Getting the perfect corporate mugs for your marketing campaign is dependent on several factors, including the material used. These materials include ceramic, bone china, porcelain and earthenware, and there are differences between them all.
Ceramic mugs are unique for a number of reasons, such as the huge variety of print types and branding methods available which is unsurpassed by any other material. They are also fully dishwasher proof with our standard screen print method, and Duraglaze for full colour print. For an alternative product, our branded travel mugs make hot drinks available on the go.
Ceramic mugs can be decorated in different colours and designs, with a stylish finish. A quick look at Mugstore’s collection of ceramic mugs shows exactly this. The Bell, Mini Marrow, Sensi mug, Sparta, Lynmouth mug and Nuvo mug all demonstrate how these cups can take different shapes. Some like the quadra mug, have a classic matte finish, with all these ceramic mugs giving different personalisation options such as dye sublimation.
Ceramic mugs are a wonderful way to drink warm tea or coffee because they are thick enough to hold the heat of the beverage without burning your hands.
On a busy day at the office, you might find yourself sipping less on the coffee and concentrating more on your files. Unfortunately, this causes it to get cold, necessitating a quick visit to the microwave. Well, this is a bad option if you’re using a stainless steel mug, which isn’t microwave safe and will definitely burn your fingers. A plastic cup won't also cut it, especially because not all plastics are microwave safe. Ceramic mugs, on the other hand, make the best mugs, since you can comfortably and safely reheat your coffee in the microwave.
Ceramic is a general term for any product made with natural clay, and mixed with different formulas with water and organic materials in some instances. Usually, ceramics are decorated, shaped, glazed and hardened by heat, to produce a desired product, whose quality and hardness are determined by the type of additives, composition of clays used, duration and temperature for firing. As a result of these variables, we have different types of ceramics including bone china, earthenware, fine china, porcelain, terracotta, pottery and stone ware among others.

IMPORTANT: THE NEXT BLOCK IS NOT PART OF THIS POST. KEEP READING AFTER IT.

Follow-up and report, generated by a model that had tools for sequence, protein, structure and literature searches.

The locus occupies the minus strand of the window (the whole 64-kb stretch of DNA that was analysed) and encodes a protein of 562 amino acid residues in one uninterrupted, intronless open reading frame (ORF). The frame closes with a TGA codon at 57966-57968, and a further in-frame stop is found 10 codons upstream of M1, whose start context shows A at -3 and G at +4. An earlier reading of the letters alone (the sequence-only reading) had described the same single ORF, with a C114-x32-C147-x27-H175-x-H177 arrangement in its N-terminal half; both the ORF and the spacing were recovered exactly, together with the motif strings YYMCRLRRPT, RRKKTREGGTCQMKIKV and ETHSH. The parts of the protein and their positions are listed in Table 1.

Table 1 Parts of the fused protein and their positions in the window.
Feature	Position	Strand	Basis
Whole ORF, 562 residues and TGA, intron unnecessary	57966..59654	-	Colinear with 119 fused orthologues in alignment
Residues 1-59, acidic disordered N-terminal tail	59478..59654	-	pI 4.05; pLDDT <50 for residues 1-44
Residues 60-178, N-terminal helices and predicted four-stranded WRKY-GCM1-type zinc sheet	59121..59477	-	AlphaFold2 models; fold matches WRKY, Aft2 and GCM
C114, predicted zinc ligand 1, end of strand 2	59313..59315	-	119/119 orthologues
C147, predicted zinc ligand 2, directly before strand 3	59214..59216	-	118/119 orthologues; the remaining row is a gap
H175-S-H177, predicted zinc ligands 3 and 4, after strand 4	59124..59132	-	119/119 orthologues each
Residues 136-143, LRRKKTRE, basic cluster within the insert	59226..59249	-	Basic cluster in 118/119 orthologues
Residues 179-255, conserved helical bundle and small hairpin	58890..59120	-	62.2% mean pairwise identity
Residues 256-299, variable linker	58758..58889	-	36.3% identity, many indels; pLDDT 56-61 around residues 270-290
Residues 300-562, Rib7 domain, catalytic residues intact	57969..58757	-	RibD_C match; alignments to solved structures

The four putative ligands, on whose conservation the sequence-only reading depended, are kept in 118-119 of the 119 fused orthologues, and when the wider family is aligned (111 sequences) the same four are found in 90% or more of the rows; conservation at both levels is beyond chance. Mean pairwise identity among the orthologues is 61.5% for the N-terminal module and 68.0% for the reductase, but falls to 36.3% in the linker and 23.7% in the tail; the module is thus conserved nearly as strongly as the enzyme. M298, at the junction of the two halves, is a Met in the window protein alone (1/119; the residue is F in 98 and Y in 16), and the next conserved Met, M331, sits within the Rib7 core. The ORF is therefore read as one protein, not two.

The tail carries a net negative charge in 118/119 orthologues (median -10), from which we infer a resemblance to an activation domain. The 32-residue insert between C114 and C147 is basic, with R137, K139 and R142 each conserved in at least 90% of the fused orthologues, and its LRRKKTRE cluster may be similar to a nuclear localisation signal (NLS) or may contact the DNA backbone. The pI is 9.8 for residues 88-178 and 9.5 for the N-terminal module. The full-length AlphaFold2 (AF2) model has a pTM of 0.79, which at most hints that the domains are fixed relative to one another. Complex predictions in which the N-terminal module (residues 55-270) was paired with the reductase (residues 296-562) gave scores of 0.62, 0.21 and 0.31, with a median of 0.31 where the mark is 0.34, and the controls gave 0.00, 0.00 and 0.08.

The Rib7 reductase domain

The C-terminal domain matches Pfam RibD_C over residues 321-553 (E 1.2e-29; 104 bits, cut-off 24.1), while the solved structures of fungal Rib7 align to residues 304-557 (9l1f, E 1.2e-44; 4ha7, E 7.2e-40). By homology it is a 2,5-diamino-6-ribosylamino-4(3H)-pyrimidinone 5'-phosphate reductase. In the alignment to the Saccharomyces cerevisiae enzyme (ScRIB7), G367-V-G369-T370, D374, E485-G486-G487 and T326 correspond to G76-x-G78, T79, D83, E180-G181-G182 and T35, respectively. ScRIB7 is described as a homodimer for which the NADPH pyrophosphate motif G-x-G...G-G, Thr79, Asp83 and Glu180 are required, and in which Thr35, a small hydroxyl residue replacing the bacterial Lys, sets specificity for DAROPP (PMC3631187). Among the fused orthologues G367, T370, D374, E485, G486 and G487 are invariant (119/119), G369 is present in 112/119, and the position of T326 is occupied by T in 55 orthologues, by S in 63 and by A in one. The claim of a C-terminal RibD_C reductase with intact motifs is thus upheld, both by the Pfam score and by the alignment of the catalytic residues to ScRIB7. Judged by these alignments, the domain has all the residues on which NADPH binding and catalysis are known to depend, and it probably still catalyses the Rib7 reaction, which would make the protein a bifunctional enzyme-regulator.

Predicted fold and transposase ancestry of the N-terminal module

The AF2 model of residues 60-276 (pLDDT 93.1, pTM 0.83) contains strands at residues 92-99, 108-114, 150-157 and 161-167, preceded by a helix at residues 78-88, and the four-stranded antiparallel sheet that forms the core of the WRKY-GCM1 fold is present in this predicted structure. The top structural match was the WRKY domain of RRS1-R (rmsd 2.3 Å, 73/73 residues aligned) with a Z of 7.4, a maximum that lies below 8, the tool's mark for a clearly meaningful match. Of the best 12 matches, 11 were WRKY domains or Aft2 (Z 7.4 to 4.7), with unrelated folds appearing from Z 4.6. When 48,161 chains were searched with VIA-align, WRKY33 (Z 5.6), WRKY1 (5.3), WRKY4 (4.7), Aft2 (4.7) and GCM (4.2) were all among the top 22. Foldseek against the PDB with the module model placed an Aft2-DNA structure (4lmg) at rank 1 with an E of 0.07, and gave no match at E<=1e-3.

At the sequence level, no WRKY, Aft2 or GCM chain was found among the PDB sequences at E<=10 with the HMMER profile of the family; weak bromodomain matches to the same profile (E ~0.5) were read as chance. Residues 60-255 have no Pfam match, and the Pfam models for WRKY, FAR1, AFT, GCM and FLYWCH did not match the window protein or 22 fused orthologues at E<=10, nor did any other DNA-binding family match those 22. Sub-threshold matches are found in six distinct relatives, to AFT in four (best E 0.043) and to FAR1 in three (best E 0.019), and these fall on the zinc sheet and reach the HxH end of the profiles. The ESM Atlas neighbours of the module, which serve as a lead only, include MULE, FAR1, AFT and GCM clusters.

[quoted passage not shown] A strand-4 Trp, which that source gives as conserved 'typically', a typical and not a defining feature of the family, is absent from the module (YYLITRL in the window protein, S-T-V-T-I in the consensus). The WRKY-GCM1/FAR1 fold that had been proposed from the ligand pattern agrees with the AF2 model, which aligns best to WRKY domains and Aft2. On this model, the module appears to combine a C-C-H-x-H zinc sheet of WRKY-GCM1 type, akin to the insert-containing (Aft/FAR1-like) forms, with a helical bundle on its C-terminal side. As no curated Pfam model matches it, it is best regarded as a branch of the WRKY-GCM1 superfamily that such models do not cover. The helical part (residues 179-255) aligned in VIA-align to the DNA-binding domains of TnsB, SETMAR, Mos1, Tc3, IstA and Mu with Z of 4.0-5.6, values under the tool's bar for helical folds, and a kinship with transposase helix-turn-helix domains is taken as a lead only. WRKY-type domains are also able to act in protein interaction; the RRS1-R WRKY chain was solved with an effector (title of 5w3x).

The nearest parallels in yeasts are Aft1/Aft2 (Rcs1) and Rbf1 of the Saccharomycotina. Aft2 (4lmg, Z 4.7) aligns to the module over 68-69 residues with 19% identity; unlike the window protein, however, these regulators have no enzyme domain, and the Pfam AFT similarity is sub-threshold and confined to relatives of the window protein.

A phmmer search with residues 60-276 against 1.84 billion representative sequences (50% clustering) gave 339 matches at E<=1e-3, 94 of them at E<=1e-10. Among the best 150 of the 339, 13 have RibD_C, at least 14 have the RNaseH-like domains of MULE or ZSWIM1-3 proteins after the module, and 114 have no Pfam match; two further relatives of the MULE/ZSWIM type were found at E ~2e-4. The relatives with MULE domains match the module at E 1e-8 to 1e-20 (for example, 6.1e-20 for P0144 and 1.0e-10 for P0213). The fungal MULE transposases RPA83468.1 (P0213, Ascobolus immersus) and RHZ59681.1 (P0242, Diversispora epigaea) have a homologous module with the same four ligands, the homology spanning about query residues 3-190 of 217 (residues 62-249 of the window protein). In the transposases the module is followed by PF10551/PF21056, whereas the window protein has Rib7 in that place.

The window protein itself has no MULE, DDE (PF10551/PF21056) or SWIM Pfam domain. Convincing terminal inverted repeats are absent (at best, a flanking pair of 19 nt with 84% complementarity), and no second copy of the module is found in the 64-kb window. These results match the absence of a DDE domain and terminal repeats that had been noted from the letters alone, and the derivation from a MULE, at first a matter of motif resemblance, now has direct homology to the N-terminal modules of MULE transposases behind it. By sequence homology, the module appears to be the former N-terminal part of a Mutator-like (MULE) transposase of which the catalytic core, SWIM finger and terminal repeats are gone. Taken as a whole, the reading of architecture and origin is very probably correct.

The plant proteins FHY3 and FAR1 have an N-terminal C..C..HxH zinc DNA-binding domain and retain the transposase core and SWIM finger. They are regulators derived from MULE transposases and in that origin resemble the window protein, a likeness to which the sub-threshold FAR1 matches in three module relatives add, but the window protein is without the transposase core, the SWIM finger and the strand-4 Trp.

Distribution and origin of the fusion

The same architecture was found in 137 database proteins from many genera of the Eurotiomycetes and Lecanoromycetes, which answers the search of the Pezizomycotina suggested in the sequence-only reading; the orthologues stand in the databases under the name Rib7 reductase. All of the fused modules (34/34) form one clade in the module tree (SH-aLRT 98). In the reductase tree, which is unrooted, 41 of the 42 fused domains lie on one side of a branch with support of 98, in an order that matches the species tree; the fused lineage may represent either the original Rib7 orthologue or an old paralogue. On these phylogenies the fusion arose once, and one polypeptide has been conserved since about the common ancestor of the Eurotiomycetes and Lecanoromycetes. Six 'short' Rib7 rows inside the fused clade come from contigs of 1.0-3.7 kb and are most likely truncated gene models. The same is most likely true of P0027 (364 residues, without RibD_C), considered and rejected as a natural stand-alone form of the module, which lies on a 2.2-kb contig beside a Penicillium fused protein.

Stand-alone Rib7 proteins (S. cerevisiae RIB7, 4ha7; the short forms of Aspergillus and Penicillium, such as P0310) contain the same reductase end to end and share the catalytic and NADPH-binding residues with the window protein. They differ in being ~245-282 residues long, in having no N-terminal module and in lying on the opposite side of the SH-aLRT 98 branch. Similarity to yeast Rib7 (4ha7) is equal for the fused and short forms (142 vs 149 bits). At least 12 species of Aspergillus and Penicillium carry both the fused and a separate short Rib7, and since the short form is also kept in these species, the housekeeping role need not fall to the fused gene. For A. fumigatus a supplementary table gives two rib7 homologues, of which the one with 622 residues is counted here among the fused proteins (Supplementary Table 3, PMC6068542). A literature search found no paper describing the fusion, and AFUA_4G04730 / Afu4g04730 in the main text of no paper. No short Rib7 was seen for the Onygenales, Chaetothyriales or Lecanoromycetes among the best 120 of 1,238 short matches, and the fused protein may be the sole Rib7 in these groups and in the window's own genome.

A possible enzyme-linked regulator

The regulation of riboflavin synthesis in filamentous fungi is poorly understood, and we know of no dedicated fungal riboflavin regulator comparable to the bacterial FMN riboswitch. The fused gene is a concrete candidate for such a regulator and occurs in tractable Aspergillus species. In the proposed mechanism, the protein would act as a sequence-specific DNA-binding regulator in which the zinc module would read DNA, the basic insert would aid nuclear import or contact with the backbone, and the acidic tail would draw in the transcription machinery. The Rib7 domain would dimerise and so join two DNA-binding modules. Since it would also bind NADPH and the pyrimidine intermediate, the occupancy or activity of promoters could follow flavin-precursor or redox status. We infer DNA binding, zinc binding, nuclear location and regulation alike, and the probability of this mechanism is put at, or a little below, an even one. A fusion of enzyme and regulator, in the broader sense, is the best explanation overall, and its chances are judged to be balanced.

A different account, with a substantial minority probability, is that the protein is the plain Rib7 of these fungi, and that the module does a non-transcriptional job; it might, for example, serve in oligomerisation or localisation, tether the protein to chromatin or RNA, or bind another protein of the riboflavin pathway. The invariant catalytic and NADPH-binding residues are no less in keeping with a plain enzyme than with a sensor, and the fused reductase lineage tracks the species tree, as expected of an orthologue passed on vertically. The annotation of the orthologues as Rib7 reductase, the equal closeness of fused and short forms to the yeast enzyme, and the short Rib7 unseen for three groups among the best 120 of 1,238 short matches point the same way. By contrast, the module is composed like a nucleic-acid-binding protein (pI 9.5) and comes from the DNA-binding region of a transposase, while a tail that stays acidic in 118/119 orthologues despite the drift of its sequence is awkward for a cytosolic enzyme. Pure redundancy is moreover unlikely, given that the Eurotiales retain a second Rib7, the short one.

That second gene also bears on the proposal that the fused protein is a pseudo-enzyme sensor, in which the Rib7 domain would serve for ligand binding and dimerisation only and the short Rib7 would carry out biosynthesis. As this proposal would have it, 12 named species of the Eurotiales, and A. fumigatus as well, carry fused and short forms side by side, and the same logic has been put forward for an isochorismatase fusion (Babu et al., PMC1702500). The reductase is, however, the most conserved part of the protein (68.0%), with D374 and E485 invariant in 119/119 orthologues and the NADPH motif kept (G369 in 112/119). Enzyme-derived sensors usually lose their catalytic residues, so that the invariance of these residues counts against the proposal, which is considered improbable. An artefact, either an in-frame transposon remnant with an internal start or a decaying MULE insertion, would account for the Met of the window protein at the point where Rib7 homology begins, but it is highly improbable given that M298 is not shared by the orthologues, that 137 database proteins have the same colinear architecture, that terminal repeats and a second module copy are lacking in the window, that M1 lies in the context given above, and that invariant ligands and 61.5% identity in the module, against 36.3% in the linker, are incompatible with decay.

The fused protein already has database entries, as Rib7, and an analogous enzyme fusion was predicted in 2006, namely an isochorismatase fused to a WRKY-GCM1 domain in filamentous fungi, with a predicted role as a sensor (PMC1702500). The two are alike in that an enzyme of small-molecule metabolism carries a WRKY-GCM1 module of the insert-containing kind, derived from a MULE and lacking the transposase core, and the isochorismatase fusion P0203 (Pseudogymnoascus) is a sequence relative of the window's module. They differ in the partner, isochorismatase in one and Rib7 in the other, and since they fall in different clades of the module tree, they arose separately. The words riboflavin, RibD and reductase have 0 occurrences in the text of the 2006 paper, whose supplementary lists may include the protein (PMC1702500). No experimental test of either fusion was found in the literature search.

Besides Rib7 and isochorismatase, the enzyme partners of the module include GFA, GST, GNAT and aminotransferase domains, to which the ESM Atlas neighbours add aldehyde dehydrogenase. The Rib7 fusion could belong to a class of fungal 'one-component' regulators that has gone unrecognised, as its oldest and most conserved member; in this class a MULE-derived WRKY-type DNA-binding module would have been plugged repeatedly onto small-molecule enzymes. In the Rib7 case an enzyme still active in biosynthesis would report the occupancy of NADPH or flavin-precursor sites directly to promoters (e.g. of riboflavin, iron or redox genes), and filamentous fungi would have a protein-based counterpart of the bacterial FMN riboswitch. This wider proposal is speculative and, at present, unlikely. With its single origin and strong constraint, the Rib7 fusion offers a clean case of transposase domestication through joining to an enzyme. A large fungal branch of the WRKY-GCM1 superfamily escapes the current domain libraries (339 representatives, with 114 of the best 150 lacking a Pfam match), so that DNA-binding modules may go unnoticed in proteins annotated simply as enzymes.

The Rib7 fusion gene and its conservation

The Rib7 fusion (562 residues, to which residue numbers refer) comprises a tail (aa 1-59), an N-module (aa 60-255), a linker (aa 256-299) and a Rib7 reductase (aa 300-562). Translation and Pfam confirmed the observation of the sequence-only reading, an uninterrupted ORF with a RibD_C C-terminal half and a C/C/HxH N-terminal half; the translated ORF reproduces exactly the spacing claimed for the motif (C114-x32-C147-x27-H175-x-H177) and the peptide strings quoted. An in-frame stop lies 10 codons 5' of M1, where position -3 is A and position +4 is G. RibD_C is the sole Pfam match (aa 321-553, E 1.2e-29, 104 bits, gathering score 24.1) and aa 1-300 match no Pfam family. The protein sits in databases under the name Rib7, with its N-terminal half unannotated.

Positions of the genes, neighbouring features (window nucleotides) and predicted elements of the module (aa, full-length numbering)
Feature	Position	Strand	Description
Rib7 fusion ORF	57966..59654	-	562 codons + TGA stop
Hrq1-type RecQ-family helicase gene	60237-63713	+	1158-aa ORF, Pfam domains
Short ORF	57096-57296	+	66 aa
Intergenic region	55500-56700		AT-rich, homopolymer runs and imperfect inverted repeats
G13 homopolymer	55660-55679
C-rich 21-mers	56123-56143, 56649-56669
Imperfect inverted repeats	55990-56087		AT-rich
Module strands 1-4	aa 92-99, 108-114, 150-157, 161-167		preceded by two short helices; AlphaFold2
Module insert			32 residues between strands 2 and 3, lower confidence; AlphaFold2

Earthenware is the earliest type of pottery, made either of white or red clay baked at low temperature, approximately between 1000°C and 1080°C. Usually, this temperature doesn’t allow the product to be fired up to the point of vitrification, making earthenware porous. To make these products watertight, they are subsequently glazed. Most of our "ceramic" mug range is earthenware, though they can be used interchangeably.
Porcelain is slightly stronger compared to earthenware since it’s fired at 1260°C, causing it to vitrify. It comprises of, but not limited to clay, kaolin, silica, feldspar and quartz. Even without glazing, the surface is smooth, and the fineness of clay used allows the material to have intricate details. Porcelain’s most notable characteristic is its translucence, and the bell-like sound it produces when you strike it lightly - see more in the porcelain mugs section.
Bone china is a type of porcelain, which is made whiter and more translucent by the addition of calcined animal bone. Unlike other forms of porcelain, bone china has a high mechanical strength and chip resistance, making it possible to produce thinner products. Mug Store specialise in quality bone china mug printing, and have clients worldwide.
The first mugs ever were dated to about 10000BCE and were found in the Neolithic Stone Age. These cups were found in China and were made of bones. It’s also believed that wooden mugs existed in this era. About 2500 to 2000 BCE, the Late Neolithic Period, the first pottery mugs, which were made on a potter wheel, were found in China. The decorating process during this era was easy, but things began getting sophisticated with the advancement of technology. Clay mugs had thick walls which didn't fit the mouth well, prompting the development of metal processing techniques that led to thinner walled mugs.
With time, metal mugs were produced from bronze, lead, silver and gold. Again, there was a problem since these mugs couldn’t hold hot drinks, resulting in the invention of porcelain at around 600 BCE, and better ceramics for manufacturing mugs. As a result of this progression, there are currently different materials for making mugs, and different personalisation techniques. Nonetheless, each of these materials has its advantages and disadvantages. In the modern day, most promotional mugs are made from earthenware ceramic, whereas personalised water bottles are usually made from BPA free plastic.